Friday, September 24, 2010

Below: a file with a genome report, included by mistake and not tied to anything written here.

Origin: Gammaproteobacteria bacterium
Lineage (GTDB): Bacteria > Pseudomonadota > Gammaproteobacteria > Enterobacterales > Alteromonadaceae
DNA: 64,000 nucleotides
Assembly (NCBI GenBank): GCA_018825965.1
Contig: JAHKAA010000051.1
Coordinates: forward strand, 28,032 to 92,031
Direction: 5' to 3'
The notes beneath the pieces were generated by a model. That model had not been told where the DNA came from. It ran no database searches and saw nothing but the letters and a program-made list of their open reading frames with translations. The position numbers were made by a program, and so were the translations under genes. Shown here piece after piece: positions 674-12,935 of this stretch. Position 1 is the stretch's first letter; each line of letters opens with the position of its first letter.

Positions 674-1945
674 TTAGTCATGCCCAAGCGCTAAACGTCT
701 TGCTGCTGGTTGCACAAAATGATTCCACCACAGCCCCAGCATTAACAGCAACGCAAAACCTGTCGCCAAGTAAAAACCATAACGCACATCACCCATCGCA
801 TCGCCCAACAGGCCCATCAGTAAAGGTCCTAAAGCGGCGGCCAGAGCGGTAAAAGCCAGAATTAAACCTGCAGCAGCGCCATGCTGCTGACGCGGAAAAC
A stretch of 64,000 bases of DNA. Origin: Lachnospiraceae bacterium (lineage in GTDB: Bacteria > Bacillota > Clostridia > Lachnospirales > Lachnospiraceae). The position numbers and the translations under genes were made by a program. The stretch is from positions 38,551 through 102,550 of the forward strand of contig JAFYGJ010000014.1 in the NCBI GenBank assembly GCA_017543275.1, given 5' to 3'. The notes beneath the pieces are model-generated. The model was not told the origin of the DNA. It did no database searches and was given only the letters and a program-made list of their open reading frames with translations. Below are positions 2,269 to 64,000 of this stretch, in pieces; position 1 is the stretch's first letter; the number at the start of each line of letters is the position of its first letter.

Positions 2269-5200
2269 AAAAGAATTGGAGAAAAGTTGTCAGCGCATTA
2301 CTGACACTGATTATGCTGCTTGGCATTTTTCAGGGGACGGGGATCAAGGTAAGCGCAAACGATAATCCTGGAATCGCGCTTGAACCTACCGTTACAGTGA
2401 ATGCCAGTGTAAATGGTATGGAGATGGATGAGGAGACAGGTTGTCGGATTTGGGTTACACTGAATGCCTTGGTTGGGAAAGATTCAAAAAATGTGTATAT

Since our departure a week ago last Friday, the trip has been pretty much uneventful. When cruising, uneventful is a GOOD thing. Our first stop was Port Huron on Saturday afternoon, where we had a great time with Walt, Vicky, and crewman Dave Underwood, who are buddy boating with us on their yacht "Taken Care of Business". Vicky made lasagna, served on real china, which was a special treat. Although I have no inclination to run out and purchase any. While underway, we have dented a metal frying pan. China would not make it through the first big swell. Next stop was Rogers City on Monday, where we were weathered in the next day. A big Hatteras pulled in after dealing with the big winds and high seas, and we watched them carry out broken pieces and parts of the dashboard and interior. Glad we stayed put. Monday night Gary, Chas, and Dave bowled at our favorite Rogers City bowling alley. They performed so poorly that the desk guy comped their games. Tuesday night, we all went for pizza and bowling, but it was league night with no lanes open. Wednesday we did a long day run from Rogers City to Mackinaw City. We've been here since then, waiting out the rough weather. Yesterday 30 knot winds and nine foot waves were forecast. Today is ten to fifteen foot waves and 50 knot gale force winds. We are occupying our time doing boat chores, watching movies, shopping for the best fudge deals, and drinking PBR's at the famous Keyhole Bar. Captain and I are very frustrated that we have this big, able-bodied, experienced crew member on board, one that we hoped would get us all the way through mast unstepping and into the river system, who is instead vegging out on the couch watching Walker Texas Ranger episodes. Such a waste! We really, really want to get underway again. But I must admit this is kinda fun......in a lazy good for nothing way.